You are free to structure the parent/guardian meeting in whatever way works for you, but the following structure works for many new volunteers:
As the girls and adults arrive, ask them to sign in. Hand out paperwork, including a one-page information sheet including your contact information, contact information for other troop committee members, the day and time of each meeting, location of and directions to the meeting place, what to bring with them, your troop number, and information on how to get Girl Scout resources such as books, sashes and vests.
- Open the meeting by welcoming the girls and adults. Introduce yourself and other members of the troop committee. Have adults and girls introduce themselves.
- Ask the girls to go with the adult or teen in charge of their activity and begin the discussion.
- Discuss the information you prepared for this meeting:
- All the fun girls are going to have
- When and where the troop will meet and some examples of activities the troop might choose to do
- That a parent/guardian permission form is used for activities outside the troop’s usual meeting place and the importance of completing and returning it as indicated
- How you plan to keep in touch with parents/guardians
- The Girl Scout Mission, Promise, and Law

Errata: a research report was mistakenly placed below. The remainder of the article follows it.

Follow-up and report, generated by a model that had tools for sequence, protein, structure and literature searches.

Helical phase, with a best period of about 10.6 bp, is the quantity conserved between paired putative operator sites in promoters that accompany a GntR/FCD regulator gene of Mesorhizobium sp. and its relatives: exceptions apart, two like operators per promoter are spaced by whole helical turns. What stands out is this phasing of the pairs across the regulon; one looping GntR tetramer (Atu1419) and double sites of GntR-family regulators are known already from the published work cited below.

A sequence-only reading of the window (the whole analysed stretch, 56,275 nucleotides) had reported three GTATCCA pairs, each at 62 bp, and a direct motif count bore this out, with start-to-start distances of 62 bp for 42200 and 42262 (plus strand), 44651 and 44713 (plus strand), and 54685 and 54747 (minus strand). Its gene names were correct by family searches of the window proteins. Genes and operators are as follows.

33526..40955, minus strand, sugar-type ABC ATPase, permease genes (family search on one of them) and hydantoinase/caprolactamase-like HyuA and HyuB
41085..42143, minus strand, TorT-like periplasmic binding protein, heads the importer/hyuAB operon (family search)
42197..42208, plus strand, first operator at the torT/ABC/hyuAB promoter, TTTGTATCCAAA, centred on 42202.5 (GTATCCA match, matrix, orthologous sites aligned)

- The benefits of Girl Scouting and the Girl Scout Leadership Experience (GSLE)
- The Girl Scout Cookie Sale and how participation teaches life skills (Refer to page 23 of this booklet)
- The cost of membership, which includes annual Girl Scouts of the USA and council fees, any troop dues, uniforms, and any resources parents/guardians will need to buy such as a journey book and Girl’s Guide to Girl Scouting
- The availability of financial assistance and how the Girl Scout Cookie sale will generate funds for the troop treasury
- What the troop committee does, who is on it, in which areas you are looking for additional volunteers
- Remind the group of the next meeting, if necessary, and thank everyone for attending. Hold the next meeting when it makes sense for you and your troop committee—that may be in one month if face-to-face meetings are best or in six months if you are diligent about keeping in touch with parents/guardians via e-mail, phone calls, or some other form of communication.
- After the meeting, follow up with any parents or guardians who did not attend to connect them with the group, inform them of decisions, and discuss how they can help the troop.
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